July 1 marks the release date of William Gibson's Neuromancer. Last week, Public Books posted 'A Global Neuromancer', an excerpt from Fredric Jameson's new book The Ancients and the Postmoderns: On the Historicity of Forms, looking back on Neuromancer and its concept of cyberspace as an allegory for global financial systems.
Read more at Public Books.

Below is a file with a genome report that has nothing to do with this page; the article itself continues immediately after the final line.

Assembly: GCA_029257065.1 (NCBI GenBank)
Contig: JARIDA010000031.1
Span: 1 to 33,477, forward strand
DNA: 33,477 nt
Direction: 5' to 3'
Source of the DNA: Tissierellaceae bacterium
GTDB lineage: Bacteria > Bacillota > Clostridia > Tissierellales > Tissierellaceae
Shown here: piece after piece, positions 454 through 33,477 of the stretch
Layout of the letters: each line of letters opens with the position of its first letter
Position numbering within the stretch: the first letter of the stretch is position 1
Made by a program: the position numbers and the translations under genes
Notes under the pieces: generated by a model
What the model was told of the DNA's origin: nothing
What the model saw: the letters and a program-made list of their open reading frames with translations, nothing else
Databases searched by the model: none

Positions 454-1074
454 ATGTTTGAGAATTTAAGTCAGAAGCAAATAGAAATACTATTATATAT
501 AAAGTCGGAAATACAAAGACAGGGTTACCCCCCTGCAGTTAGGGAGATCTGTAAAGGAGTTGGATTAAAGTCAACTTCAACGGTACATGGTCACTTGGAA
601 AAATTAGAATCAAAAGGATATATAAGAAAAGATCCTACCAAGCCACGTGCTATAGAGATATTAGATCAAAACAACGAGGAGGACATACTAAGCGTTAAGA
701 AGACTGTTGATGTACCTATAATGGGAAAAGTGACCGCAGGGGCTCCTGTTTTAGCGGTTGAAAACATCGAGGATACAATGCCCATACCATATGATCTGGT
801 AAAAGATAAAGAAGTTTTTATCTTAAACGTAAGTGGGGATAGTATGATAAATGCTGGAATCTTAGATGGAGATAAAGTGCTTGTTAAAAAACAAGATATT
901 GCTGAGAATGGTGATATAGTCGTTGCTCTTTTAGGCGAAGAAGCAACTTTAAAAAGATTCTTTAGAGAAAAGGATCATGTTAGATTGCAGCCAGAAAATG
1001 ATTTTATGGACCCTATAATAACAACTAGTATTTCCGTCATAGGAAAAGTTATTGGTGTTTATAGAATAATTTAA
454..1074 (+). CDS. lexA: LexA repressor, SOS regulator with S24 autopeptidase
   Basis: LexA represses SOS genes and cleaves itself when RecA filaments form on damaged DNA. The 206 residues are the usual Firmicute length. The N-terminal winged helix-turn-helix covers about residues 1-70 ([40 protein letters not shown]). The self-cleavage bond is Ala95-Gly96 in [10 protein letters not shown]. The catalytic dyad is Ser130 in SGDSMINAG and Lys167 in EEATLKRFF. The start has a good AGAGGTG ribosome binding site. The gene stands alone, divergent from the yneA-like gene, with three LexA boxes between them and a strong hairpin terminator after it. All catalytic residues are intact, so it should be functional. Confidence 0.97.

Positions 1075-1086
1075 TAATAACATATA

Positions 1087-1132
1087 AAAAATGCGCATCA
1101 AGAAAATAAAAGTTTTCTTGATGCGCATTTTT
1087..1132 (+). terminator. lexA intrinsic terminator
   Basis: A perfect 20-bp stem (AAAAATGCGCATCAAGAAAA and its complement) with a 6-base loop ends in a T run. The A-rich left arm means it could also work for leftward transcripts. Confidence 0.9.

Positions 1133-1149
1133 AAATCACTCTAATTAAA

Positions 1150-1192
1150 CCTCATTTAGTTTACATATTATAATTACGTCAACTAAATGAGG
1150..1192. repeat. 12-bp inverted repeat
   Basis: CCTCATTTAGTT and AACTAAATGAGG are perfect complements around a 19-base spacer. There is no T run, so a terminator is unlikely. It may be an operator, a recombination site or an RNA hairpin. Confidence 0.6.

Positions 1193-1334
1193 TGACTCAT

Neuromancer is now more than 30 years old, a considerable time to remain a classic. Its publication in the Orwellian year will seem ironic and laden with symbolism only for those who think Orwell has remained a classic, or that he had anything to do with science fiction or reflected any serious political thought. But at least in one respect the juxtaposition is useful in showing how dystopia can swing around into the utopian without missing a beat, the way depression can without warning become euphoria. Indeed, I’ve suggested elsewhere that much of what is called cyberpunk (which begins with Neuromancer) is utopian and driven by the “irrational exuberance” of the ’90s and a kind of romance of feudal commerce; but I had Bruce Sterling in mind rather than the more sober Gibson, whose postmodern overpopulation (“the sprawl”) comes before us rather neutrally, even though its tone is radically different from the older Malthusian warnings of Harrison and Brunner. But Neuromancer and the novels that followed it were certainly not utopian in the spirit of the blueprints of More and Bellamy, or Fourier and Callenbach. Indeed, I would argue that the Utopian and still energizing work of the latter, Ecotopia (1968), was for the moment the last of its kind. And that, for a fundamental reason that takes us to the heart of our present topic, namely, that since Callenbach, the utopian form has been unable to take onboard the computer, cybernetics or information technology. Ecotopia was conceived before the Internet, and whatever utopian fantasies the latter has inspired—and they are many, and often delirious, involving mass communications, democracy, and the like—those fantasies have not been able to take on the constitutive form of the traditional Utopian blueprint. Meanwhile, more recent Utopian work, such as Barbara Goodwin’s remarkable Justice by Lottery (1992) or Kim Stanley Robinson’s monumental Mars trilogy (1993–1996), however suggestive and influential in their Utopian features, have not seemed to incorporate cyberspace as a radically new dimension of postmodern social life.